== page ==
The rich, smooth duck liver was plated with pickled vegetables that acted as little flavour bombs as we swished around the parfait with toasted brioche. If there was more of that brioche we would have been happier, but that was a passing concern. It gave us a chance to employ some chorizo infused bread we had stashed on a side plate.

Pumpkin and parmesan velouté was the last item on the starters menu, we ordered it as an afterthought. It’s just creamy, veg and cheese soup right? Well, if you make it along on Sunday then get that ordered. It was a case of dueling spoons as we competed to hoover up the contents of the bowl.

There is a time for experimentation, deconstruction, reinvention, infusion and other gastronomic trickery. When it comes to Sunday lunch, it should look like Sunday lunch. Concentrating our efforts, we selected the beef and the venison for mains.

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They are generous portions without being so heavy as to necessitate a nap in one of the well-appointed rooms upstairs afterwards.

Cairnhill farm have been rearing cattle in Girvan, Ayrshire for four generations. The roast rib of beef they supply is cooked pink here and served with truffled green beans, glazed carrots, salted caramel onion, roast potatoes and a respectable Yorkshire pudding for a Sunday treat.

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A dark, velvety stew of Highland venison – there’s a very distinctive flavour that merited slow examination and a glass of red wine, which arrived at the right moment. A stand-out dish that could easily command close to the price of the entire four courses on an evening menu in a similar hotel.

There’s time for a pause before we decide how to bring things to a conclusion. The Banana panna cotta, toffee sauce, honey ice cream is an ideal dessert for spring. Simple, sweet, effective.

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For a £5 supplement, you can order a selection of cheeses from George Mewes, who stocks some of the finest fromage in the world at his Byres Road shop. Sensational stuff.

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Glasgow needs to turn up the volume at all levels of food. Life’s too short for mediocre specials in chain restaurants.

On a Sunday, you can spend thirty quid on a delivery of featureless junk food or you can get involved with something more worthy of your attention.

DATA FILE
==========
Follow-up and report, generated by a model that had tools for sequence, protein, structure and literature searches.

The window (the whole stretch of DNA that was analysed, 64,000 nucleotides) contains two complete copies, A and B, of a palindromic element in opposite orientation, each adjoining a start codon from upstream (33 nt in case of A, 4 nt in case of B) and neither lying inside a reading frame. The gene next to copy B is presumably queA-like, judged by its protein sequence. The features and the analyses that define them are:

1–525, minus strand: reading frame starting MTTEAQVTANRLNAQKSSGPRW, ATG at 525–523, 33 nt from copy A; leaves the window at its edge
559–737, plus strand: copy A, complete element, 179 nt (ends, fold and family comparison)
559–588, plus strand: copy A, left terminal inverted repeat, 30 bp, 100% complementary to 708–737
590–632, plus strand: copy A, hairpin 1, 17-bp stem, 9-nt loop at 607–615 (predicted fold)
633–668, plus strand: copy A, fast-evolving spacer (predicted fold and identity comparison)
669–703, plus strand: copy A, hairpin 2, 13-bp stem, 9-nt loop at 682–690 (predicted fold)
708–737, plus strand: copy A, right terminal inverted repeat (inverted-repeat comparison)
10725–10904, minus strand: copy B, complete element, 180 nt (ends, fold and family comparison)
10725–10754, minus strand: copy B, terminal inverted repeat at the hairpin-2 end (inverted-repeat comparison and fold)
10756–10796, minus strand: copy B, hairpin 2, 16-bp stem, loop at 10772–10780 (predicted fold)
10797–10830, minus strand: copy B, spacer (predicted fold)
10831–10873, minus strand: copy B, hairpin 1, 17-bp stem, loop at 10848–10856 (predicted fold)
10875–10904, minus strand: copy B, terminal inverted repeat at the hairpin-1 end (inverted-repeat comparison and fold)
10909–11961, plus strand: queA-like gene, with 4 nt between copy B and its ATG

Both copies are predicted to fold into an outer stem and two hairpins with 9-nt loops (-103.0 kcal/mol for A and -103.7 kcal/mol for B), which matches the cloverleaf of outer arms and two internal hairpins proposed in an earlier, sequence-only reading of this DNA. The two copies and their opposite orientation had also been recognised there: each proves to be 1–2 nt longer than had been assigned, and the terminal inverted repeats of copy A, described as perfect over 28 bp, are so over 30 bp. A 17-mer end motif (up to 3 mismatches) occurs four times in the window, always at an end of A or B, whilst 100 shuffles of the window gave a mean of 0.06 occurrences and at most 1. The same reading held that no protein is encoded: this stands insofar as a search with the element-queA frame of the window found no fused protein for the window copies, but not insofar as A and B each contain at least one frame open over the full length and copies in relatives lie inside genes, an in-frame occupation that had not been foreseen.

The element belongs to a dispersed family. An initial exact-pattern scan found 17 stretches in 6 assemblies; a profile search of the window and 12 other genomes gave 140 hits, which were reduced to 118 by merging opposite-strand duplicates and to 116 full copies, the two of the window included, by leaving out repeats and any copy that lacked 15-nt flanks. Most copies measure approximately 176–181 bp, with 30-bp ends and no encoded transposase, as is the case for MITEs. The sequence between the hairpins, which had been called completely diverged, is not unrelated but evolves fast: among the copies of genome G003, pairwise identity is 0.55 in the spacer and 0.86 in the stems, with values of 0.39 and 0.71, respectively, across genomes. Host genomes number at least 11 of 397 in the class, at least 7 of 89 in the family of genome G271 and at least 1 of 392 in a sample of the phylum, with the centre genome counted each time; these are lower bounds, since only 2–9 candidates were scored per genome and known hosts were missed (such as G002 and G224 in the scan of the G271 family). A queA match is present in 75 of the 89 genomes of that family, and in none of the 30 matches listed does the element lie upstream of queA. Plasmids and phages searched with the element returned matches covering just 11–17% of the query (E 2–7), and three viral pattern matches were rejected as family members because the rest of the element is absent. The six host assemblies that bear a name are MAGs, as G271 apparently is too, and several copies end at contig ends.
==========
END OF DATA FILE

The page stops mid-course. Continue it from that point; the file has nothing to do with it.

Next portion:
Whether it is One Devonshire Gardens, a procession of street food dishes in a car park, a pork bao bun in a pub, a steak with all the trimmings or a brilliant brunch, save Sundays for the Best of Glasgow.

The new Sunday lunch menu is now available. To reserve a table call 0141 378 0385.

One Devonshire Gardens1 Devonshire Gardens
Glasgow
G12 0UX

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Photos: Nathan Hannah

Duck liver parfait

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Full Sunday Lunch Menu

£29.00 per person

Amuse Bouche
∞∞∞∞∞∞
Dunkeld smoked salmon with classic garnish
Duck liver parfait, pickled vegetables, toasted brioche
Whipped goats cheese, beetroot, carrot and fennel pickle, walnut crumb
Stornoway black pudding, potato rosti, poached egg, Dijon foam
Pumpkin and parmesan velouté
∞∞∞∞∞∞
Roast rib of Cairnhill farm beef, truffled green beans, glazed carrots
salted caramel onion, roast potatoes, Yorkshire pudding
Newtonmore venison navarin, root vegetables, smoked pommes purée
Guinea fowl, pomme mousseline, spinach, sage, jus roti
Butter roasted cod, herb crust, pommes écrassé, carrots
courgette, tomato, Prosecco fish cream
Globe artichoke, spring vegetables, carrot purée, poached egg
∞∞∞∞∞∞
Hot chocolate fondant, vanilla ice cream
Apricot cheesecake, raspberry sorbet
Banana panna cotta, toffee sauce, honey ice cream
Sticky toffee pudding, clotted cream
Selection of cheeses from George Mewes (£5 supplement)